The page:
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Austria: Success of Reorganization Plan and Out-of-Court Restructurings, Yet Failure of Preventive Restructuring Procedures

Issue 10.12
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Austria implemented Directive (EU) 2019/1023 on preventive restructuring frameworks with the Restructuring Regulation, which came into force on July 17, 2021, and introduced (further) judicial proceedings for preventive restructuring. Practice, however, has shown that the reorganization plan in insolvency proceedings and out-of-court restructuring remain the methods of choice in Austria.

Even after the introduction of preventive restructuring proceedings, the reorganization plan – essentially a debt cut subject to the approval of creditors as part of insolvency proceedings – continues to be the central element in the reorganization of companies under Austrian insolvency law. Around one-fifth of Austrian companies’ insolvencies end with a reorganization plan. The basic prerequisite is the offer of a 20% quota (or 30% in the case of self-administration) to all insolvency creditors, with the claims of secured creditors remaining unchanged. The instrument is flexible and can be used not only in proceedings that have been applied for by the debtor itself but also during bankruptcy proceedings (even if applied for by a creditor).

Although not regulated by law, out-of-court restructurings also continue to be of significant importance. According to a study conducted by JKU Linz University Professor Stefan Mayr, 70% of attempted out-of-court restructurings in Austria are successful.

In contrast, preventive restructuring procedures have always been a wallflower in Austria. Back in 1998, Austria introduced the pre-insolvency restructuring Corporate Reorganization Procedure (Unternehmensreoganisationsgesetz). While it is still in place, it has never become mainstream. In the last 25 years, there have only been roughly six proceedings under this law. Solely the crisis indicators created alongside its introduction (equity ratio below 8%, notional debt duration over 15 years) are of practical relevance. Even after Austria implemented the directive on preventive restructuring frameworks, the situation did not change. The newly created Restructuring Regulation (Restrukturierungsordnung) has been in force for more than two years, but there have not been any proceedings to date.

Why have pre-insolvency reorganization proceedings yet to become well-established in Austria? The answer seems simple.

On the one hand, companies are often not prepared to take (early) court-ordered restructuring measures. Even within traditional insolvency proceedings, restructuring measures are usually only applied for when there is no other way out and when the statutory obligations to file an application (i.e., within 60 days of the occurrence of insolvency or over-indebtedness) can only barely be met, if at all.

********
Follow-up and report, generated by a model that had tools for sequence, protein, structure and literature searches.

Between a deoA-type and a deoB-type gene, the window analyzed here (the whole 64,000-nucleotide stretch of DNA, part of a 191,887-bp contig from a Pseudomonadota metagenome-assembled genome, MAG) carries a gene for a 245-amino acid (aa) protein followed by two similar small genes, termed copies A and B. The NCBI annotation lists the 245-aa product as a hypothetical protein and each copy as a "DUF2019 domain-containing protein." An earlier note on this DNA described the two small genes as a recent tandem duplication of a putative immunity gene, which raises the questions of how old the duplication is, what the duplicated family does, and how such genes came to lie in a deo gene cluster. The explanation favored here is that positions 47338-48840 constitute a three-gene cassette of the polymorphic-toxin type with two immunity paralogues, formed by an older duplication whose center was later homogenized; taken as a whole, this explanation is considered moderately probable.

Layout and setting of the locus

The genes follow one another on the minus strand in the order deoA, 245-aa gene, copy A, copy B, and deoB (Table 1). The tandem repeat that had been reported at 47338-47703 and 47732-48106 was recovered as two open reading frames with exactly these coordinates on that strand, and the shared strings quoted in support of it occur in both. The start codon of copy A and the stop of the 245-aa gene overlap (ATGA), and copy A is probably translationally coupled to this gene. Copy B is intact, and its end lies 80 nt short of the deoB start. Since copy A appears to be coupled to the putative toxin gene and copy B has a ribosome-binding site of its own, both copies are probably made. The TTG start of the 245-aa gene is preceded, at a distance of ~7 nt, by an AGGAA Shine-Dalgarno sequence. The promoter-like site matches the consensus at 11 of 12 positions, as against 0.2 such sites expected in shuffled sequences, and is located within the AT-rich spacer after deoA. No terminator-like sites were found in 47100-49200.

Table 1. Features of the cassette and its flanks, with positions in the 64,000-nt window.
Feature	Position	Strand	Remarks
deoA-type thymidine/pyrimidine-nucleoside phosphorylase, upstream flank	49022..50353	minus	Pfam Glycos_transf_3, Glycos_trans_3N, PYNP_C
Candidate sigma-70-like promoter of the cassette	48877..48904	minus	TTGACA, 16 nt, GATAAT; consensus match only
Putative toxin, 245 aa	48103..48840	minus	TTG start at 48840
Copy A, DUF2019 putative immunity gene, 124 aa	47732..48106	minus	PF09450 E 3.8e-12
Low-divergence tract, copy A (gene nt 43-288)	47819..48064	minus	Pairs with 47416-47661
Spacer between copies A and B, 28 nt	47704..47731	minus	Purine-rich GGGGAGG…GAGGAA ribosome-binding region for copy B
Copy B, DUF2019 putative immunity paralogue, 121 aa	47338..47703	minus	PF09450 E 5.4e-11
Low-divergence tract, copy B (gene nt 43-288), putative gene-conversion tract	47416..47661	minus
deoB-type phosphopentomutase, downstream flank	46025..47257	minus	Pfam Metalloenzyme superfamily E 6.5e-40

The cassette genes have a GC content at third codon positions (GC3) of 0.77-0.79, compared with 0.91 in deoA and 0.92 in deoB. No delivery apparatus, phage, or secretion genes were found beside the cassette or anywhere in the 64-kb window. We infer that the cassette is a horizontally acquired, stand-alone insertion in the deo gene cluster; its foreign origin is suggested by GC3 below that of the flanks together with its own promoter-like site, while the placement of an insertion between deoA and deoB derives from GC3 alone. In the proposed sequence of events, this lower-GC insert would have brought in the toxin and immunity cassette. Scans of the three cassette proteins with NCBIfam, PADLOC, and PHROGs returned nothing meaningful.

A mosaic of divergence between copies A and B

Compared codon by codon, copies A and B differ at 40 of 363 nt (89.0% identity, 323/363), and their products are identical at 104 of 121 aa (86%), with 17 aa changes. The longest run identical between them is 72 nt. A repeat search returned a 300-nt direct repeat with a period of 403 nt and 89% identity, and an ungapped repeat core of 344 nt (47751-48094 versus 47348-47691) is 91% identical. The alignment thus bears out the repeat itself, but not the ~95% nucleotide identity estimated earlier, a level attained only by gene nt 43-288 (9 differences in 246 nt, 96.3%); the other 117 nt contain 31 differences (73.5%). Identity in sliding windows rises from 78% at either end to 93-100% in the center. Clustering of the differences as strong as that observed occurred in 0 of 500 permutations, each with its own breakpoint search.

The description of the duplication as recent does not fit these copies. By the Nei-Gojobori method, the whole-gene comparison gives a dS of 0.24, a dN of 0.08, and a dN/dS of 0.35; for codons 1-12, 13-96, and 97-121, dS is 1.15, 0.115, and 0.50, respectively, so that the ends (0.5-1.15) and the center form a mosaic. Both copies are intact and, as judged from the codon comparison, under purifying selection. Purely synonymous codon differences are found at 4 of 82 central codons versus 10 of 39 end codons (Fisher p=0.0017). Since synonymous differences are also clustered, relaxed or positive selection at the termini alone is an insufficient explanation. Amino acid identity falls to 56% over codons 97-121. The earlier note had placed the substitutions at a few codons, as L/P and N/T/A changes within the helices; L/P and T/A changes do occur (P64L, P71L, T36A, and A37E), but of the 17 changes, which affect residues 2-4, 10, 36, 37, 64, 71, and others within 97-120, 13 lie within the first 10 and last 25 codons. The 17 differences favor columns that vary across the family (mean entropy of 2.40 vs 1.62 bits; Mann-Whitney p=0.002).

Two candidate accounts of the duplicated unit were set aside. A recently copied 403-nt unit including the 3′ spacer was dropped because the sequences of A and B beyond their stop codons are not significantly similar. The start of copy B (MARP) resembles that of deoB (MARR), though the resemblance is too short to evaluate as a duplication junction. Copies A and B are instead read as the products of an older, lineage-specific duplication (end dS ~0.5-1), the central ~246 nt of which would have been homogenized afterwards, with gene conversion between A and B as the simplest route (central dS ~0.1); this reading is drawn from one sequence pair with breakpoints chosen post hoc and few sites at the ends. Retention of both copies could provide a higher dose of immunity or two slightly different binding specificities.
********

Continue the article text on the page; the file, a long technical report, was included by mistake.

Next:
On the other hand, there simply seems to be no need for pre-insolvency restructuring proceedings as the advantages of preventive restructuring proceedings over other debt relief options are hardly recognizable.

Judicial reorganization proceedings, provided they are well prepared, can be completed within four months. They therefore last just a little longer than the pre-insolvency proceedings available in Austria, which are required by law to last between 30 and 60 days. Austrian insolvency law is also flexible enough to allow debtors to discharge their debts by offering a reorganization plan for the entire duration of bankruptcy proceedings.

On the other hand, many restructurings are conducted out of court and customized agreements are made with the respective main creditors. Those are much more flexible than preventative restructuring procedures. Although out-of-court restructurings are not regulated by law, the INSOL Principles were adapted to Austrian specifics in April 2013 upon the initiative of three major Austrian banks and a law firm.

Although these guidelines, consisting of eight principles, are not legally binding, they document the common understanding of best practices. They are to be applied in cases with liabilities of more than EUR 30 million and the involvement of at least three banks.

It should be noted that the restructuring procedure created in 2021 would be a suitable instrument, especially for larger companies with financial liabilities, especially if a settlement has already been reached with the majority of financial creditors and only a few so-called “chord disruptors” are preventing the completion of the restructuring. Due to the well-functioning practice of out-of-court restructurings based on the above-mentioned principles though, the preventive restructuring procedure is obviously still not perceived as an actual alternative in Austria. However, the expected future developments suggest that this could change.

By Susanne Fruhstorfer, Partner, and Andreas Howadt, Senior Associate, Taylor Wessing

This article was originally published in Issue 10.12 of the CEE Legal Matters Magazine. If you would like to receive a hard copy of the magazine, you can subscribe here.

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